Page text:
• who receive payment card rewards pay for them – rewards are not subsidized by other parties.
    • would have the option to “opt out” of transactions for which they perceive the cost to outweigh the value of rewards.
  • Merchants
    • Would have the option to surcharge or not, but would be limited to surcharging only the actual rewards-related interchange cost of each transaction. 
    • If surcharging, would have more flexibility to compete on core goods/services pricing.

Some merchants may perceive that maintaining one price for all tender types reduces friction at the point of sale and enhances competition in other ways – for example, quick-service restaurants may be unlikely to adopt surcharging as it will add time to the checkout process. Other merchants may want to recover some of the interchange fees they pay but not want to modify their POS system or add friction to the customer checkout process. 

This solution allows the competitive market to better function with payment cards. Consumers have many options for paying, and can easily switch at the time of purchase; this ability is getting easier with mobile wallets. 

In practice, some merchants would do this and others would not, depending on competitive factors. Again, market forces can work. 

How would this work?

1 – Federal law would be enacted which allows all merchants to surcharge for payment card transactions. The surcharge would be limited to the actual interchange the merchant would pay for the specific transaction less the regulated debit interchange cost for the same transaction. The law would preempt all state and local laws, card operating regulations, and provisions in merchant agreements that would prohibit or limit surcharging.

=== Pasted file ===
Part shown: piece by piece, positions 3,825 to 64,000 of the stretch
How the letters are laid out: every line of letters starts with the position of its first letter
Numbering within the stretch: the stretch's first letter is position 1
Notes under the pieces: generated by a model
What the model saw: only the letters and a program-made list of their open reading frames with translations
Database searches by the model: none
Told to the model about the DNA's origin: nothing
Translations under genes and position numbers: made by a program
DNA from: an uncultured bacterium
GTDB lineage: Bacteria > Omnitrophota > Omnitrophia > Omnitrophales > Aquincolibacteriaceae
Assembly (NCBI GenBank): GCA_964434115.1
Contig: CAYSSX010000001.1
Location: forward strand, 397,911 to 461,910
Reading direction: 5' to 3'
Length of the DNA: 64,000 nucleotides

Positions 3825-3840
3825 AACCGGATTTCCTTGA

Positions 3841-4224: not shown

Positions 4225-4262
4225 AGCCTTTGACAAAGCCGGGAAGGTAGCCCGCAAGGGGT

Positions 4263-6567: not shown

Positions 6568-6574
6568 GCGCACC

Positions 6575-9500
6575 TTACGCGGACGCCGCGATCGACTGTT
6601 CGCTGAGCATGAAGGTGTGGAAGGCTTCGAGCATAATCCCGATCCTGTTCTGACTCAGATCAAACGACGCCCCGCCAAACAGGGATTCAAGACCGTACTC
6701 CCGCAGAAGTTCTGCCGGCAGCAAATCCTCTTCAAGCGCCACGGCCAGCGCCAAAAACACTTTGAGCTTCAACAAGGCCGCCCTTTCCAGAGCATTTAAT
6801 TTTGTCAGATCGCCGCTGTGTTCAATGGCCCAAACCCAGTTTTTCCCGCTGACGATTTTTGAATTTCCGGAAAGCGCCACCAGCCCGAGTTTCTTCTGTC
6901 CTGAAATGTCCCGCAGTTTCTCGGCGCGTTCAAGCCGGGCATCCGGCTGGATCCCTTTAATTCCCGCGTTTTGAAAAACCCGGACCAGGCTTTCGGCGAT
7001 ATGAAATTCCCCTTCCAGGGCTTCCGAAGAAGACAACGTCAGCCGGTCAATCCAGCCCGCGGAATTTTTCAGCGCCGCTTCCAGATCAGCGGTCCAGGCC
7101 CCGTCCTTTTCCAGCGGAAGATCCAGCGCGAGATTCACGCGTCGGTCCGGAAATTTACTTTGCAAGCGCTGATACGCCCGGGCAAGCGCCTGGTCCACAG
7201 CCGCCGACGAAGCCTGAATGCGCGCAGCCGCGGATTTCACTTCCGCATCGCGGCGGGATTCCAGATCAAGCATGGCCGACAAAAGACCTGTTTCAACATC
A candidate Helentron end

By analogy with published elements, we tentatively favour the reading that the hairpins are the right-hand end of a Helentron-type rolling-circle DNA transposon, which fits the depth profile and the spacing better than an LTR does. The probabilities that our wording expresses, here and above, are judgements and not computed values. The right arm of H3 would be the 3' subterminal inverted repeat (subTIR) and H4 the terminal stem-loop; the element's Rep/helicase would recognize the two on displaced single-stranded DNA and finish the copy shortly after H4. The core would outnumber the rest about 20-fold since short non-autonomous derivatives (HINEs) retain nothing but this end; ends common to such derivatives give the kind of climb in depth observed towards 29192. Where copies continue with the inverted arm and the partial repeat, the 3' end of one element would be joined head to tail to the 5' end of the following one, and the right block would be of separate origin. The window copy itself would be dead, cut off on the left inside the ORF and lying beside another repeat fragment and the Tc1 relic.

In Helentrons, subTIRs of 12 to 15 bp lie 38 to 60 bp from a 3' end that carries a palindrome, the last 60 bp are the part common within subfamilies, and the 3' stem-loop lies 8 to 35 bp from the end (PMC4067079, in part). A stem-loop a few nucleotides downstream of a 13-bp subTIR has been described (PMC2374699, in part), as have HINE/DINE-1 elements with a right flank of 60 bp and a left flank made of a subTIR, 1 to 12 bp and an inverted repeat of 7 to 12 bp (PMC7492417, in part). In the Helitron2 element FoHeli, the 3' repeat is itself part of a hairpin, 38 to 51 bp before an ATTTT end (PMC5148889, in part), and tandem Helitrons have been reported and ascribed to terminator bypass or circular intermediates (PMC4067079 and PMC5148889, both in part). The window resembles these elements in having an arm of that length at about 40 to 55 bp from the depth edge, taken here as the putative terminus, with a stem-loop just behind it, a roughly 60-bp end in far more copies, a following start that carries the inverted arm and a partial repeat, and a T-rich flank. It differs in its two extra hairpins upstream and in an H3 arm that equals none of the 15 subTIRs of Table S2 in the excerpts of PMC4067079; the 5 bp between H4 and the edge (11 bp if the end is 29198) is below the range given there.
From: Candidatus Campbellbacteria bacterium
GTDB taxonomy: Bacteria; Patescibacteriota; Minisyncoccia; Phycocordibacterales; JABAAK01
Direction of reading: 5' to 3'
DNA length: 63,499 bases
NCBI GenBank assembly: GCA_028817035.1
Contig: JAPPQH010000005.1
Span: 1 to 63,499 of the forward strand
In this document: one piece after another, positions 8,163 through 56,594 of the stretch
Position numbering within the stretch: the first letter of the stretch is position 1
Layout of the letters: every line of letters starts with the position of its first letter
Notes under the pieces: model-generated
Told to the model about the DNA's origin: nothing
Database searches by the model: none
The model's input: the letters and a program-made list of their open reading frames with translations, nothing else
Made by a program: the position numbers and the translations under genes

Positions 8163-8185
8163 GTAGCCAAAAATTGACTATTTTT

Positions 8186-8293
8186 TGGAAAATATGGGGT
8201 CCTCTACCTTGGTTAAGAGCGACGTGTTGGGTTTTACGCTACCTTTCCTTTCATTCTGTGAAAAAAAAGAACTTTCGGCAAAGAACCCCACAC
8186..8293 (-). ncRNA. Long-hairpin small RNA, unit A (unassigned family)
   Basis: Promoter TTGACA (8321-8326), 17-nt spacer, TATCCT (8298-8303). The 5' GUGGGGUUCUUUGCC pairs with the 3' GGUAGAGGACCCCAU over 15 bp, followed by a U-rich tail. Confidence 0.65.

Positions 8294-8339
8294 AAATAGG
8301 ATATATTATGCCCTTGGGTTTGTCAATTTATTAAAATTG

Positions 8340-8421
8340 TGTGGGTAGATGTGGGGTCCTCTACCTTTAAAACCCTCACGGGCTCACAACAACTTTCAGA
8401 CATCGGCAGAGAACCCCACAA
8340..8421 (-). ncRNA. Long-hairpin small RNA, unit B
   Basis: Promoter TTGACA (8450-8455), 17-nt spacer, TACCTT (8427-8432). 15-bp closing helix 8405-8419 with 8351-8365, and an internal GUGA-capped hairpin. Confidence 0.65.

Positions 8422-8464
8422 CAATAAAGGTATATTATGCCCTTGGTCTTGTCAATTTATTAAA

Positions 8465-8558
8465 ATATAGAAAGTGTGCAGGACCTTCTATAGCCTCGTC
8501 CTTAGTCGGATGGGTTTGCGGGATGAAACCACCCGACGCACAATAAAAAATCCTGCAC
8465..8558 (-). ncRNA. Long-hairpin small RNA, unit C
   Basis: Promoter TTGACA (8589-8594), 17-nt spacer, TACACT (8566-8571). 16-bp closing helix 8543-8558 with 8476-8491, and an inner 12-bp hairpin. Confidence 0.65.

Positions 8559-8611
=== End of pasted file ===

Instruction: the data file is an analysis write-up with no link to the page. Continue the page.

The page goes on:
2 – When first tendering any payment card, the acquirer/processor would return the actual amount of interchange in excess of the regulated debit cost for that transaction. If merchants wish to increase the amount of the sale by this incremental interchange cost (i.e. surcharge), the merchant would be required to inform the customer of the surcharge amount and allow the customer to affirmatively accept the surcharge or cancel the transaction and provide an alternate payment method for the transaction.

3 – If the customer cancels the transaction, the merchant would send a reverse authorization request for the authorized amount and the issuer would reverse any authorization hold on the consumer’s account.

Conclusion and Summary

While there is competition in much of the US payments ecosystem, there is no competition by card networks for merchants. Interchange fees are set by Visa and Mastercard exercising their duopolistic power – this part of the system is broken. 

In particular, costs associated with rewards credit cards are not borne by those who receive benefits – the rewards cardholders – but rather by merchants and holders of non-rewards cards.

Previous merchant efforts to curtail payment costs have floundered and current efforts are met with impassioned arguments, lobbying, and spending in an attempt to create fairness and competition. I see the political and practical realities of the current efforts as unlikely to fix the system.

Instead, we offer a solution that maintains the economics for issuers and acquirers and reduces the economic burden by asking those who benefit from rewards credit cards to pay for those rewards. 

Should the US adopt this framework, merchant competition will be enhanced and industry verticals will have the flexibility to determine pricing and surcharging models that best meet their own and their customers’ needs. Market forces will determine winners – just the way it should be.